"Werckmeister's term 'well-tempered' ( wohl temperirt ) indicates his preference for a slightly modified system of tuning with 'all the thirds sharp' enabling him to play in all twenty-four keys without losing the character of individual keys--a loss that occurs if the octave is divided into absolutely equal semitones. What was to become a new standard would have been regarded as a serious drawback." Wolff, op. cit. pp. 228-229
Well, look you guys. Werkmeister (cool name) divides 1/12…essentially Equal temp. To argue it keeps some loony tune character of individual keys is nonsense (accepting his altered versions designed to sweeten certain keys over others). What “character” could that be other than out of freakin tuneness???? The point was when you (meaning BAch and any others with an ear) have good relative pitch, transposing a piece from one key to another (Bach did this all the time, with no special avoid tones) is intended to preserve all the character of the original. WTC2 I have on hand, in the appendix, the same chords sketched out in C major for the C# prelude. There can be no argument that one key has special intervals that the other doesn’t and vice versa. That of course WILL be the case if you do any of these wacky tuning methods.
Bach didn’t have a digital tuner, nor Werckmeister, but it is or would be exactly what they wanted EVERYBODY ELSE to freakin use. Just like my method of tuning is 2 cents off….a longer beat than a freakin note can sustain on the guitar!!! As much as how I tune guitars is “not Equal tempered” these keyboards might have been. But the point is the thinking is the same. Arguing cents is splitting hairs. I am certain if Bach was a modern day producer he would be auto tuning everybody that had no talent. Just like he tuned all the orchestra instruments himself as his son noted. It is the ONLY thing that makes sense. This character of different keys just reveals the see-saw game of the ignorant…it is give and take, until everything is literally (or conceptually) EQUAL.
I don’t need a scientific analysis of Lehman to know it is no way in hell what BAch wanted. I only need to hear him trying to tune by ear his harpsichord then play something in E major or B major….sounds like dog sh1t. But, not surprisingly people have been able to shoot down the crazy idea a doodle sketch might be a tuning system.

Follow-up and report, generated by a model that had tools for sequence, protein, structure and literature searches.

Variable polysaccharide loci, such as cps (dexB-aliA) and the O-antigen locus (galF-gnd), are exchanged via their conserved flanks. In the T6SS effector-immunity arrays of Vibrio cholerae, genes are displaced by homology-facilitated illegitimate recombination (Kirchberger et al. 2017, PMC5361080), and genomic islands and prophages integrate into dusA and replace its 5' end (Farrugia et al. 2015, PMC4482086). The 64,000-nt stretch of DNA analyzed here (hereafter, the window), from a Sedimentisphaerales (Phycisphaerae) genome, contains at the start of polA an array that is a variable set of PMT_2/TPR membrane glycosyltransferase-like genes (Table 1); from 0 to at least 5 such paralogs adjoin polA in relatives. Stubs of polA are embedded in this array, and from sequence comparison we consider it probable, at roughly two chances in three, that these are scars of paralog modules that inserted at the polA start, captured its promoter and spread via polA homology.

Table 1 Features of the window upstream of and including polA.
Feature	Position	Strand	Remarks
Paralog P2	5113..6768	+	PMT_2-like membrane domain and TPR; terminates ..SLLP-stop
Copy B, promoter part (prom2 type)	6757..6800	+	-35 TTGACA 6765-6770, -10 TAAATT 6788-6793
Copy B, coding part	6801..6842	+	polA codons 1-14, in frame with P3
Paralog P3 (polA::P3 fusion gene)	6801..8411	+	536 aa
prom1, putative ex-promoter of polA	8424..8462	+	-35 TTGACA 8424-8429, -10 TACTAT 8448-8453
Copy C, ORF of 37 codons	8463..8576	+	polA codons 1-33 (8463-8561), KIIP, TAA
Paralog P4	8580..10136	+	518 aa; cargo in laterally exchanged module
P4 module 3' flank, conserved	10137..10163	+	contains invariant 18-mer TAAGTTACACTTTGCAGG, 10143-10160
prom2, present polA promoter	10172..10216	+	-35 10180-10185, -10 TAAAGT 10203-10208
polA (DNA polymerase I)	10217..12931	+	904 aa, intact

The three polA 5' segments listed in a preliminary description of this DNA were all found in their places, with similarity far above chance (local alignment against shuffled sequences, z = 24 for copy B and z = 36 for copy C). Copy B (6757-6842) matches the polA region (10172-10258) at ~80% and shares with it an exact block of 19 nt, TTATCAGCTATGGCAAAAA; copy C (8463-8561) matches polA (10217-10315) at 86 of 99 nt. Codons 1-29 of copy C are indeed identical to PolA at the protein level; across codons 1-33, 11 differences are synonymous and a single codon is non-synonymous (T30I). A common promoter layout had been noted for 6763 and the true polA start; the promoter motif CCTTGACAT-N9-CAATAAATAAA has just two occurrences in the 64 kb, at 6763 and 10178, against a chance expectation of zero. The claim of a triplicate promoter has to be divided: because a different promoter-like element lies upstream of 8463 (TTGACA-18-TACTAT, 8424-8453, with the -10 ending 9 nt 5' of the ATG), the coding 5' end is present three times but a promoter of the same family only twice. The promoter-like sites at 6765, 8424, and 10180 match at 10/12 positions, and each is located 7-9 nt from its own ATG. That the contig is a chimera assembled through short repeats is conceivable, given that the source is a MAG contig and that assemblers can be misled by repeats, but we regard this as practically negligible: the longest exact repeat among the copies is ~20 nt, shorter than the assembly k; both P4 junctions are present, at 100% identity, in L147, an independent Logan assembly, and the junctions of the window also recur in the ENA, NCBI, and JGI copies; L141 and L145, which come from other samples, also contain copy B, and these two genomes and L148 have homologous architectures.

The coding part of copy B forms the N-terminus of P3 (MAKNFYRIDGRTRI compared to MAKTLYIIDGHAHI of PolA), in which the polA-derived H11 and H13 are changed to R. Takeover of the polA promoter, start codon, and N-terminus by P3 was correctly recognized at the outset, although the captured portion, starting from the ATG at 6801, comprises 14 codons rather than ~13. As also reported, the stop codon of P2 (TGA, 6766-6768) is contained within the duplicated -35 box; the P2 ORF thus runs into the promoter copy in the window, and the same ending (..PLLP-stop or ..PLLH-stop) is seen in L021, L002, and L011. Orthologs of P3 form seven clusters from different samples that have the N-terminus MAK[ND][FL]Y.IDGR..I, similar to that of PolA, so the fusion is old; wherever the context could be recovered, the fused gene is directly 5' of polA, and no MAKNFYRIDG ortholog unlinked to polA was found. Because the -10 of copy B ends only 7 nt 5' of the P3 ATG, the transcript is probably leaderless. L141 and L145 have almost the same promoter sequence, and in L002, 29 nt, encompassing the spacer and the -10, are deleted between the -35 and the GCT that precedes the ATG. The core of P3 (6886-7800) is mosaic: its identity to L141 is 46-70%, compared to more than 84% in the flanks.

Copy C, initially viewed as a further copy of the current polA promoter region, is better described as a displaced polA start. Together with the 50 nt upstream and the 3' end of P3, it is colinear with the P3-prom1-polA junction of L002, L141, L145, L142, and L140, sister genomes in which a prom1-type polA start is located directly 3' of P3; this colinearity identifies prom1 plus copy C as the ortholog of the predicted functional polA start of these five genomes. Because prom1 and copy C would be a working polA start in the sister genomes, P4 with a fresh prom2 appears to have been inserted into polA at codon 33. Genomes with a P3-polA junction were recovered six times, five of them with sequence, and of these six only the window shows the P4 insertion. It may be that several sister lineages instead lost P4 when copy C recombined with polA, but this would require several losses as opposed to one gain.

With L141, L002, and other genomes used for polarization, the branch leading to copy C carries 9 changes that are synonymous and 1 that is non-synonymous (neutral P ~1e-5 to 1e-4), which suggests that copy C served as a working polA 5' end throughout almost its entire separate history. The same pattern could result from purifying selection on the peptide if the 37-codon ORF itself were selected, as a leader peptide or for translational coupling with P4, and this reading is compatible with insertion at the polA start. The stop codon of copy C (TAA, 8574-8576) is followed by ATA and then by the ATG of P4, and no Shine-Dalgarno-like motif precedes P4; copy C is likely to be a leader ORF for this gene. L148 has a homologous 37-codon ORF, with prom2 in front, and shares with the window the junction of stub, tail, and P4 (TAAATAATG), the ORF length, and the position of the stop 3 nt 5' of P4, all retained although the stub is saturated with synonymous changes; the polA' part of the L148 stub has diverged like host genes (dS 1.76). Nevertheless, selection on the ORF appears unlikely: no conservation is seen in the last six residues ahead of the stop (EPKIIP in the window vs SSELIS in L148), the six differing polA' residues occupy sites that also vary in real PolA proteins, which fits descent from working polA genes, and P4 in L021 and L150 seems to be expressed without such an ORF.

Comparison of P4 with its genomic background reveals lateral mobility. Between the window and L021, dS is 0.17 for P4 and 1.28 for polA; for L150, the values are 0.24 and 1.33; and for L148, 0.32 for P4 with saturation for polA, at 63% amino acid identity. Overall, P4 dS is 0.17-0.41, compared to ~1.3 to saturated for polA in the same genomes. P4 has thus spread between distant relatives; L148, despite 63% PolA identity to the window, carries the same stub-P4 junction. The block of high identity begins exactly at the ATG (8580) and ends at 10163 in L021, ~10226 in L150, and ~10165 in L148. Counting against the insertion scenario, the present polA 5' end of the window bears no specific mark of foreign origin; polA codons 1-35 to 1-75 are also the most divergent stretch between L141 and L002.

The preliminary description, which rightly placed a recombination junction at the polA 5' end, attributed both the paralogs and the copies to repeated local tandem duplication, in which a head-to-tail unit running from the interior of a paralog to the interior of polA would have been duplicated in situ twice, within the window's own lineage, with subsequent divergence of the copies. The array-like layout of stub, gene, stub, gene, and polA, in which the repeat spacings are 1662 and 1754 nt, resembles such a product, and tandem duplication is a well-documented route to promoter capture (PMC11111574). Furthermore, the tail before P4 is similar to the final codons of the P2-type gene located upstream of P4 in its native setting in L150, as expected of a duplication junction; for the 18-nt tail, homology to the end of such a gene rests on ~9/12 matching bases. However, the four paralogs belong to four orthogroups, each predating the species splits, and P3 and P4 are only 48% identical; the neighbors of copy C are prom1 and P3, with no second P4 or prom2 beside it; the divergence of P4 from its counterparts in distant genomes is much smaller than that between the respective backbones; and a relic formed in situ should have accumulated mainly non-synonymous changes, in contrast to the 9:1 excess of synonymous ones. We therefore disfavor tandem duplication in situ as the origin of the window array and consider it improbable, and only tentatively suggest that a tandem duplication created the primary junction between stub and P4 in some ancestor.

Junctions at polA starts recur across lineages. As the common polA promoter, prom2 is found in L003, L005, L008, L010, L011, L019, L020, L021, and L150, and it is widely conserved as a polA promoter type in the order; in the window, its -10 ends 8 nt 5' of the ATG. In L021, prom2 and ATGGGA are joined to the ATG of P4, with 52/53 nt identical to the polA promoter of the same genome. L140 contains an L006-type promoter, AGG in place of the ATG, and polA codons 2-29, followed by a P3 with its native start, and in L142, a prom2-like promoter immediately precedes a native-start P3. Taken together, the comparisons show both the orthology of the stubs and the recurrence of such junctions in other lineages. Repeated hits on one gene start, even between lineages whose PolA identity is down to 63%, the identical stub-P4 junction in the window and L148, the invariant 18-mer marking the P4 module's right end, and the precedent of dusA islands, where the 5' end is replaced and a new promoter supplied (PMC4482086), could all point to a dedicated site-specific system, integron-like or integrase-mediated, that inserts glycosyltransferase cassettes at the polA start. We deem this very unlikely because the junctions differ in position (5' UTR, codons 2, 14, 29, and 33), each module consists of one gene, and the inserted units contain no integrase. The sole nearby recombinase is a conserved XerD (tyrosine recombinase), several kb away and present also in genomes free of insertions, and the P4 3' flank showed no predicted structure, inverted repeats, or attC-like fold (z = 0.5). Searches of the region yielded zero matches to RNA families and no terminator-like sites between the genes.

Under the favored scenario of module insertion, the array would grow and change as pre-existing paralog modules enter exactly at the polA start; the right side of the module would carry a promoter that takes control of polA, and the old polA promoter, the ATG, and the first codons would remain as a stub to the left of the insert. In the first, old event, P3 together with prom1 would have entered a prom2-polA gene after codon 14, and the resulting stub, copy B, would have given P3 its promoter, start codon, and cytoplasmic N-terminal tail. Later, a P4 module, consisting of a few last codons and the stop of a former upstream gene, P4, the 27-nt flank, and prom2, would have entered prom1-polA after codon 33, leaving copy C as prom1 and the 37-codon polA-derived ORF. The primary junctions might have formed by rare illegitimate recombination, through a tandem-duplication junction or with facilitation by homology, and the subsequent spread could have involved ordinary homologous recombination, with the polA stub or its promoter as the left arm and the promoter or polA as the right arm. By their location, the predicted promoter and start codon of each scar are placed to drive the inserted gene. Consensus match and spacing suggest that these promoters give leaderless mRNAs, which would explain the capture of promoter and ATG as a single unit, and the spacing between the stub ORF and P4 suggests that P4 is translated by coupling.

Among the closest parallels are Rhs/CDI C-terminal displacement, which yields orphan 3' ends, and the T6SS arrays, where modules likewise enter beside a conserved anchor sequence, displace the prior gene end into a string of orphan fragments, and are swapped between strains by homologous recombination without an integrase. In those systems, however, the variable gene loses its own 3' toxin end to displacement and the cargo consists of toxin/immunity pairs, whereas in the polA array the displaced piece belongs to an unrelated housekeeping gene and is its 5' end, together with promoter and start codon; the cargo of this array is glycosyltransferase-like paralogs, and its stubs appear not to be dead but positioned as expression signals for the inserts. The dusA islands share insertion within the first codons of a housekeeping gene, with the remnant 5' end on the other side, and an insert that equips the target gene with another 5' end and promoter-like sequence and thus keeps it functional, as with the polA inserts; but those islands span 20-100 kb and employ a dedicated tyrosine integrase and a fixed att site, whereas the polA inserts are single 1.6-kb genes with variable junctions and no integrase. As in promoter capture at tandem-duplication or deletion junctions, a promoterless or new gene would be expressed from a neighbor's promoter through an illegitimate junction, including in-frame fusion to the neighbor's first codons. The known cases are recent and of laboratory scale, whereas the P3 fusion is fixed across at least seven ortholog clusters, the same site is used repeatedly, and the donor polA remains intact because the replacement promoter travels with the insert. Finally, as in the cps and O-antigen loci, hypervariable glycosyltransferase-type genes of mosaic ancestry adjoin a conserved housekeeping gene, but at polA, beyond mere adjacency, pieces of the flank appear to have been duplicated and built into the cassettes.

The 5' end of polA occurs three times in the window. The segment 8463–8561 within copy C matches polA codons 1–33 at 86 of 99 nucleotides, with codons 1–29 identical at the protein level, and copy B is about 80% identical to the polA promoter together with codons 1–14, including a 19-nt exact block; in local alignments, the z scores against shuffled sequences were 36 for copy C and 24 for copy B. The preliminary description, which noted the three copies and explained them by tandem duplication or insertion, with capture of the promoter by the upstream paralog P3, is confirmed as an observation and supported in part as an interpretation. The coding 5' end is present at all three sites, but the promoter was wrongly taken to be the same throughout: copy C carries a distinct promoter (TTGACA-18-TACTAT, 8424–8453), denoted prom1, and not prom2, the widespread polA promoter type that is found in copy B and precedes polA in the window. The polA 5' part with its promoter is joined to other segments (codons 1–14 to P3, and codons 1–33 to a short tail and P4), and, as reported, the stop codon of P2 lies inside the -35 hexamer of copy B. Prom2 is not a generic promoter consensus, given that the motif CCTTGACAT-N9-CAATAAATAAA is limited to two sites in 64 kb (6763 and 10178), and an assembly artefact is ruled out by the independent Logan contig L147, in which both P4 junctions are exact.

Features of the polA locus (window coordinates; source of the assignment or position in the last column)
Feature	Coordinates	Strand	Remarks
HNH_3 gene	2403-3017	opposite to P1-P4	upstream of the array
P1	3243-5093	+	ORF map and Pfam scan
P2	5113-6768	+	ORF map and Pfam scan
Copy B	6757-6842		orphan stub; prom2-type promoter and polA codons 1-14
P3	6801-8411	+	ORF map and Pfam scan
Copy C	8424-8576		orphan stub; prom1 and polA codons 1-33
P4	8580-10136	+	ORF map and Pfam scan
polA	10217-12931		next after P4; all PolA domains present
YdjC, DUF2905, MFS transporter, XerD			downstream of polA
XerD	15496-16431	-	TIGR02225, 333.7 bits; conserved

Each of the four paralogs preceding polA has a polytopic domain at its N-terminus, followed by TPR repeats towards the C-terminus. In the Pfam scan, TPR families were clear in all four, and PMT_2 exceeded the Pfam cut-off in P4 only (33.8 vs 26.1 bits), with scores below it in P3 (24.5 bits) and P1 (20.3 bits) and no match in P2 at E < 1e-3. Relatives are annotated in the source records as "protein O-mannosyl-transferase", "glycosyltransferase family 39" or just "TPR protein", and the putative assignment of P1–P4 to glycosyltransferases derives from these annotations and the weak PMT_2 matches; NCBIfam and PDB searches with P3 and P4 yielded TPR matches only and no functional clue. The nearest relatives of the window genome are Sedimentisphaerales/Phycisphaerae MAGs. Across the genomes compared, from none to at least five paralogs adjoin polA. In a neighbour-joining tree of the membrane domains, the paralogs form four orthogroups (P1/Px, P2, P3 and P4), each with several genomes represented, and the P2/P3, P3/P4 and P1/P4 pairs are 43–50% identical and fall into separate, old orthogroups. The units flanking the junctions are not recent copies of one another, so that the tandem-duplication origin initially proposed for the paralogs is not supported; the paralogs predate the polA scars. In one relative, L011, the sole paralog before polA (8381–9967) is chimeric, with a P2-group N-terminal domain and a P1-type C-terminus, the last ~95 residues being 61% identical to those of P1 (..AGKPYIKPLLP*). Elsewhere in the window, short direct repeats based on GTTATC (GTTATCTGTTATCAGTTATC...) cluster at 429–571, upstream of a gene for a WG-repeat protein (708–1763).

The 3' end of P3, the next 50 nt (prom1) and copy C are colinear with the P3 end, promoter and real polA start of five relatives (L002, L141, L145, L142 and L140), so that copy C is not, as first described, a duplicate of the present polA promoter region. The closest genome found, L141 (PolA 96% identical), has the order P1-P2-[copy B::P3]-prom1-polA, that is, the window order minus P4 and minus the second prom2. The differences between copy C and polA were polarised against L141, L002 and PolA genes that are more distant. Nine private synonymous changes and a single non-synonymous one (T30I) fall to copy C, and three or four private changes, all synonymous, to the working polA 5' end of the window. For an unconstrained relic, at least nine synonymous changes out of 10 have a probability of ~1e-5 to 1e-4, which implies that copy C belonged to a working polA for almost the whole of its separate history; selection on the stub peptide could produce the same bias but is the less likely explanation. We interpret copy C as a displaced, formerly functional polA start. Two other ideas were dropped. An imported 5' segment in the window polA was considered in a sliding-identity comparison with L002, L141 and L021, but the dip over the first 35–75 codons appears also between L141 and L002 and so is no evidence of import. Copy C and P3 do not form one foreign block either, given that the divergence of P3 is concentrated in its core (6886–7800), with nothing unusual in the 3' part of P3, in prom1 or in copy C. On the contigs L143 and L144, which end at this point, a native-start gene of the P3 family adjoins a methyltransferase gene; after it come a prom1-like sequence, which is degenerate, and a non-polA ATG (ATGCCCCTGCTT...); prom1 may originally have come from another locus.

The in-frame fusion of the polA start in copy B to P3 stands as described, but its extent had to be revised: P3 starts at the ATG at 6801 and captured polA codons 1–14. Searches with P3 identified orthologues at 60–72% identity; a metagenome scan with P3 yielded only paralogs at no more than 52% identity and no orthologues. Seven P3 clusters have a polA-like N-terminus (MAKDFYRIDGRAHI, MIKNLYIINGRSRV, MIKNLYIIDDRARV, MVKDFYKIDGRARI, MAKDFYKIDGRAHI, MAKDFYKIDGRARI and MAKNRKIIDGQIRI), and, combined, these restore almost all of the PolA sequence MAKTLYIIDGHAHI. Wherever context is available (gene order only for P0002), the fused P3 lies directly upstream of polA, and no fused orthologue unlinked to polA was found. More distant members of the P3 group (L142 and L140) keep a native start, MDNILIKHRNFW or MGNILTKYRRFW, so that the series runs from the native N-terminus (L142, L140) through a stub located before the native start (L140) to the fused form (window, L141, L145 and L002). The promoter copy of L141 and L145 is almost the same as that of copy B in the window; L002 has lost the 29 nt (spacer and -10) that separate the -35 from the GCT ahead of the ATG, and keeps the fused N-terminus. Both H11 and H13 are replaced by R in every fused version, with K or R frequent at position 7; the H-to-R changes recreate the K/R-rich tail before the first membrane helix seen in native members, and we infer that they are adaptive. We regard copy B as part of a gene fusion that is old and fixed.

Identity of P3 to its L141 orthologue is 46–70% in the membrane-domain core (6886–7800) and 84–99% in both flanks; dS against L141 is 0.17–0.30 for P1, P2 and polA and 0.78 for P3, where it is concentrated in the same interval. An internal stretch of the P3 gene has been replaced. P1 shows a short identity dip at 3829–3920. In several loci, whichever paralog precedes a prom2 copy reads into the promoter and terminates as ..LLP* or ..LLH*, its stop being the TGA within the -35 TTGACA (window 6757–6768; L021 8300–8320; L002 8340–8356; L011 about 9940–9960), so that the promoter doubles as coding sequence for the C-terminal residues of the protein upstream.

Anyway, i look on line and watch guys play with different tuning methods and the comments are hilarious. “I love A, even though that one chords sounds bad…it actually sounds cool it resolves”….”I don’t know what it is but version B is the best, it sparkles’…”for me version C is bland and has not character”…..etc etc. All nonsense subjective tone deafness. Thank god for Autotune after all I guess
Listen at 4:05 left is Twerkmeister and right is equal temp in unison:
What “character” could that be other than out of freakin tuneness
As you know equal temperament made all keys out of tune - by the same amount thus erasing differences between the keys (what is referred to as "character" or "mood" and is not to do with being out of tune) and this was considered a major drawback until people got used to it for the convenience of transposition without retuning.
Blurb: "What if Bach and Mozart heard richer, more dramatic chords than we hear in music today? What sonorities and moods have we lost in playing music in "equal temperament"—the equal division of the octave into twelve notes that has become our standard tuning method? Thanks to How Equal Temperament Ruined Harmony, "we may soon be able to hear for ourselves what Beethoven really meant when he called B minor 'black'" (Wall Street Journal).In this "comprehensive plea for more variety in tuning methods" (Kirkus Reviews), Ross W. Duffin presents "a serious and well-argued case" (Goldberg Magazine) that "should make any contemporary musician think differently about tuning" (Saturday Guardian). "
The tempering of perfect intervals did NOT have to be equal everywhere to achieve the goal of being able to play in all keys without retuning. There are many unequal temperaments that are distributed enough across the circle of fifths and are mild enough so that they achieve the same goal yet let keys be different i.e. keep different characters.